Old Llandoverian Membership

In a meeting of the Old Llandoverian Society Committee in 2002, it was agreed unanimously that a minimum subscription of £25 per annum (VP Club & O.Ll. Membership: £60 per annum) be charged to each Old Llandoverian who wanted to become a subscribed member of the Society. These subscriptions help to make the Society more vibrant and provide a better service to its members and the College. In recent years, funds from the Old Llandoevrian Society have helped finance the redecoration of the Old Llandoervian Room in College (previously the Warden’s Study).
It is hoped that sometime in the near future the Society will fundraise for another project in the College. With this in mind, you may wish to contribute more than the minimum through our Just Giving page (link below). All donations will be acknowledged.
If you would like to become a subscribed member, or if you have a query on any point relating to the above, please do not hesitate to contact the Society:

Old Llandoverian Society Just Giving Page:

Any donation, large or small, is greatly appreciated. We thank you for your continued support.

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Branch Information

Old Llandoverian branches are based in:

  • London
  • South East Wales
  • South West Wales

To join a branch please contact Old Llandoverian Chairman, Iestyn Thomas on

Old Llandoverian Society Membership Form

Our Founder

Thomas Phillips, the founder of Llandovery College, was 88 years old when the College opened. He was born in London of Radnorshire parentage; he returned to Wales when he was young and received some education there and, maybe, a smattering of Welsh. For some time in his early teens he was apprenticed to a surgeon and apothecary at Hay-on-Wye.

Most of Phillips’ life was spent outside Wales and this was also to have a direct bearing on Llandovery College. After qualifying as a surgeon in London in 1780, he joined the navy and spent the following two years serving King and country mainly in Canadian waters. He then entered the service of the East India Company and spent most of the following thirty years in the sub-continent. There, he combined medicine with commerce. He also came into possession of an estate on the West Indian island of St Vincent. He returned to London in 1817 a rich man where “he spent the rest of his days in acts of charity, kindness and hospitality”.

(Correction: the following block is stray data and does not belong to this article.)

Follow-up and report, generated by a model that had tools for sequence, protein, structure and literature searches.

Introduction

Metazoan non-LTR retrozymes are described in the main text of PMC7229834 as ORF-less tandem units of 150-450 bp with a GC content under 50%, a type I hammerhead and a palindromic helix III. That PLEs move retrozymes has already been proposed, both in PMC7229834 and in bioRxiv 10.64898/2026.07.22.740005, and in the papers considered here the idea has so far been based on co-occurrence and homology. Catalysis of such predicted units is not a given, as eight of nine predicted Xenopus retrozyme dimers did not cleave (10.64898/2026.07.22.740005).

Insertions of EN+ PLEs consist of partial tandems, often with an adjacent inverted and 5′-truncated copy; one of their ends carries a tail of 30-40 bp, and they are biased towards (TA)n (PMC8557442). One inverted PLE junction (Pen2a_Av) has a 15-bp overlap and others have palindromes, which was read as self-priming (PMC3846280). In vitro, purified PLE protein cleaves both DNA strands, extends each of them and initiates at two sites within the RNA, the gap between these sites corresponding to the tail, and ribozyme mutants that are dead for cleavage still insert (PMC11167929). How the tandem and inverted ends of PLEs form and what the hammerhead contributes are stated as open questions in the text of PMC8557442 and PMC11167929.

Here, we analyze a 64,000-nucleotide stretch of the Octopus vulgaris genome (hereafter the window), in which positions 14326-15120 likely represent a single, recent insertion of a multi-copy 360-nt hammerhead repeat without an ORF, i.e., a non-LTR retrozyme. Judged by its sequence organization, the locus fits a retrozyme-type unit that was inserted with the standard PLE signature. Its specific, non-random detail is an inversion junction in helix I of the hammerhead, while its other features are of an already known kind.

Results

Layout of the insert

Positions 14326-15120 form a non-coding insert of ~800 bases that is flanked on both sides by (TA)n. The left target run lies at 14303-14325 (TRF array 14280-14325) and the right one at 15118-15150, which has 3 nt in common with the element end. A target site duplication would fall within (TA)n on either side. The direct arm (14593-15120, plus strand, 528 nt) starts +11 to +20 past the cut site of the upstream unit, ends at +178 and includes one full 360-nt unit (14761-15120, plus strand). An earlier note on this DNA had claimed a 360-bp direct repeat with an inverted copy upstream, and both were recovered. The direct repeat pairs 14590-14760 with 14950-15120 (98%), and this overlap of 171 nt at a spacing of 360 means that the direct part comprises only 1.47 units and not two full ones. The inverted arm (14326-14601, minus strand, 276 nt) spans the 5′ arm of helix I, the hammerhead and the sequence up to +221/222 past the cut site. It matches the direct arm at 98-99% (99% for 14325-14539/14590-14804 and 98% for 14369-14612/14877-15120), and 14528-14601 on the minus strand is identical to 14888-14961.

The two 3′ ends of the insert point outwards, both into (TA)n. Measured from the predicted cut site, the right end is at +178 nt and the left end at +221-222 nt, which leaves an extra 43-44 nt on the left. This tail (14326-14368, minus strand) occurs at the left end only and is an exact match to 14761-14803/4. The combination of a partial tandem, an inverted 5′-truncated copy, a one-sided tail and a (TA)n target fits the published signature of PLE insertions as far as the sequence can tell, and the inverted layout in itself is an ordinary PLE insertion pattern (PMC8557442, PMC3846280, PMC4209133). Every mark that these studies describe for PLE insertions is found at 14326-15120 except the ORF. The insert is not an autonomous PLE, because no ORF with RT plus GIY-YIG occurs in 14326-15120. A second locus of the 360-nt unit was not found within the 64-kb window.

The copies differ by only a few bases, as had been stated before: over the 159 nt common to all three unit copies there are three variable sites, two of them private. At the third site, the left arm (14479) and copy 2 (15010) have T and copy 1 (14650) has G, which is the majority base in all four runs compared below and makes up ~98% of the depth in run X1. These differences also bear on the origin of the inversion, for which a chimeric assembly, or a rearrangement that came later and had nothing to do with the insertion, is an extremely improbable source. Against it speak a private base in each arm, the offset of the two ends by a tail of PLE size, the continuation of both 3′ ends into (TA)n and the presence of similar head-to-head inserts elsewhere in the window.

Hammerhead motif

Despite his wide travels, he kept up his connection with Wales; he often used to visit Hay-on-Wye, and sent parcels of goods for the poor of the town.

Phillips was a major benefactor of St David’s College, Lampeter, founded in 1822, and it was his dealings with this college that proved to be the decisive event that fathered Llandovery College. Early in 1847, he was hoping to endow a Welsh Professorship at Lampeter, but the authorities refused to accept his endowment. By May 1847 Phillips had changed his mind, and began to think in terms of an endowed school.

He gave £4,666 to set up the Welsh Educational Institution, as the College was originally known, he presented 7,000 books and established 20 scholarships. He was to enjoy the best of health until a month before his death in his ninety-second year.